Rock and roll has usually been seen as a combination of rhythm and blues and country music, a fusion particularly evident in 1950s rockabilly.[3] There has also been cross-pollination throughout the history of both genres; however, the term “country-rock” is used generally to refer to the wave of rock musicians of the late 1960s and early 1970s who began recording rock songs with country themes, vocal styles, and additional instrumentation, most characteristically pedal steel guitars.[1] John Einarson states, that "[f]rom a variety of perspectives and motivations, these musicians either played rock & roll attitude, or added a country feel to rock, or folk, or bluegrass, there was no formula".[4]
Don Messer's Jubilee was a Halifax, Nova Scotia-based country/folk variety television show that was broadcast nationally from 1957 to 1969. In Canada it out-performed The Ed Sullivan Show broadcast from the United States and became the top-rated television show throughout much of the 1960s. Don Messer's Jubilee followed a consistent format throughout its years, beginning with a tune named "Goin' to the Barndance Tonight", followed by fiddle tunes by Messer, songs from some of his "Islanders" including singers Marg Osburne and Charlie Chamberlain, the featured guest performance, and a closing hymn. It ended with "Till We Meet Again".
Following World War II a growth phase for Canadian bands was experienced, this time among school bands.[75] Rapid advances in the inclusion of instrumental music study in formal school curricula brought about fundamental changes to the philosophy of the band movement and the type of repertoire available.[75] The CHUM Chart debuted on May 27, 1957, under the name CHUM's Weekly Hit Parade, was in response to the fast-growing diversity of music that needed to be subdivided and categorized.[76] The CHUM charts were the longest-running Top 40 chart in Canada ending in 1986.[77]
Country rock is a genre that started in the 1960s but became prominent in the 1970s. The late 1960s in American music produced a unique blend as a result of traditionalist backlash within separate genres. In the aftermath of the British Invasion, many desired a return to the "old values" of rock n' roll. At the same time there was a lack of enthusiasm in the country sector for Nashville-produced music. What resulted was a crossbred genre known as country rock. Early innovators in this new style of music in the 1960s and 1970s included Bob Dylan, who was the first to revert to country music with his 1967 album John Wesley Harding[74] (and even more so with that album's follow-up, Nashville Skyline), followed by Gene Clark, Clark's former band The Byrds (with Gram Parsons on Sweetheart of the Rodeo) and its spin-off The Flying Burrito Brothers (also featuring Gram Parsons), guitarist Clarence White, Michael Nesmith (The Monkees and the First National Band), the Grateful Dead, Neil Young, Commander Cody, The Allman Brothers, The Marshall Tucker Band, Poco, Buffalo Springfield, and Eagles, among many, even the former folk music duo Ian & Sylvia, who formed Great Speckled Bird in 1969. The Eagles would become the most successful of these country rock acts, and their compilation album Their Greatest Hits (1971–1975) remains the second best-selling album of all time in the US with 29 million copies sold.[75] The Rolling Stones also got into the act with songs like "Dead Flowers" and a country version of "Honky Tonk Women".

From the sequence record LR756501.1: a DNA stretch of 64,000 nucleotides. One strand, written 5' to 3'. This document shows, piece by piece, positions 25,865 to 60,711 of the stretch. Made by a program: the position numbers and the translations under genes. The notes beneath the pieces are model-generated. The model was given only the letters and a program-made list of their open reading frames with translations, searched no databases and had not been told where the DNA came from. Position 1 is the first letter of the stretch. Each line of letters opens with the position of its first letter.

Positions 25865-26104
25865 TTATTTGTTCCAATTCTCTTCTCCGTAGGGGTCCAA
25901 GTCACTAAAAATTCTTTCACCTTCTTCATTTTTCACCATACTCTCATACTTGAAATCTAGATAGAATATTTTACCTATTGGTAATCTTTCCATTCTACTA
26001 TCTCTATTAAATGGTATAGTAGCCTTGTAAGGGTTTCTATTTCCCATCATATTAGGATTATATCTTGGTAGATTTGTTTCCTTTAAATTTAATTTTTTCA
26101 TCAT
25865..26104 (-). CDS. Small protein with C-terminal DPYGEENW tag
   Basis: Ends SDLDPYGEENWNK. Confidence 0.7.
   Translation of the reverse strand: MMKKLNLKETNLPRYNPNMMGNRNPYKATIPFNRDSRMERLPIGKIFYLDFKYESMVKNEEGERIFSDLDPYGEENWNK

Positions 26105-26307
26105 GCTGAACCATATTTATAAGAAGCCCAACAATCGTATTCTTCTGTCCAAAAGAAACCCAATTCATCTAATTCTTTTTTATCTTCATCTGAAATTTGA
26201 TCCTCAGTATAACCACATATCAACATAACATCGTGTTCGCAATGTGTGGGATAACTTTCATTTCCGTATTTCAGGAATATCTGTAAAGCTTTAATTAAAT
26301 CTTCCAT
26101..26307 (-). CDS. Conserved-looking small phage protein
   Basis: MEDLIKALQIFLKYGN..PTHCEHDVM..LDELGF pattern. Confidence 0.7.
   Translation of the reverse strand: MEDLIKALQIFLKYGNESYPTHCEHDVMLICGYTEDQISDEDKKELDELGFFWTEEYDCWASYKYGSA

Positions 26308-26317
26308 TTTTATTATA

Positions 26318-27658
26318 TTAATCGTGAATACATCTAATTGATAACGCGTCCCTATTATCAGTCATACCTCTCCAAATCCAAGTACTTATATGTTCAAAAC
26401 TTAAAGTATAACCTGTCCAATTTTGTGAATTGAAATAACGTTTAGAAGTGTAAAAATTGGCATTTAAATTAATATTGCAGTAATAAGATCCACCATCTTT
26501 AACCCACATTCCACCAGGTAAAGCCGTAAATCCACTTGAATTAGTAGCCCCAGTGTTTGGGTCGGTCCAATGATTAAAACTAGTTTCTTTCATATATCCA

Years before the term “alt-country” was conceived, something a little uglier and grimier was festering in Nashville. Jason & The Scorchers—led by explosive frontman Jason Ringenberg—released a couple of EPs before dropping their best record Lost & Found in 1985. It’s a punk rock album at heart, but guitarist Warner Hodges has plenty of twangy licks up his sleeve. Songs like “Lost Highway” and “I Really Don’t Want To Know” showed off Ringenberg’s wry sense of humor, while also confounding audiences for being too country for some and too punk rock for others. The band never found any major success early on, however, three decades later Lost & Found proves that Jason & The Scorchers were light years ahead of their time.—Mark Lore
By the end of World War II, "mountaineer" string band music known as bluegrass had emerged when Bill Monroe joined with Lester Flatt and Earl Scruggs, introduced by Roy Acuff at the Grand Ole Opry. That was the ordination of bluegrass music and how Bill Monroe became to be known as the "Father of Country Music." Gospel music, too, remained a popular component of bluegrass and other sorts of country music. Red Foley, the biggest country star following World War II, had one of the first million-selling gospel hits ("Peace in the Valley") and also sang boogie, blues and rockabilly. In the post-war period, country music was called "folk" in the trades, and "hillbilly" within the industry.[46] In 1944, The Billboard replaced the term "hillbilly" with "folk songs and blues," and switched to "country" or "country and Western" in 1949.[47][48] https://www.youtube.com/watch?v=hyNAvdnZ5Ec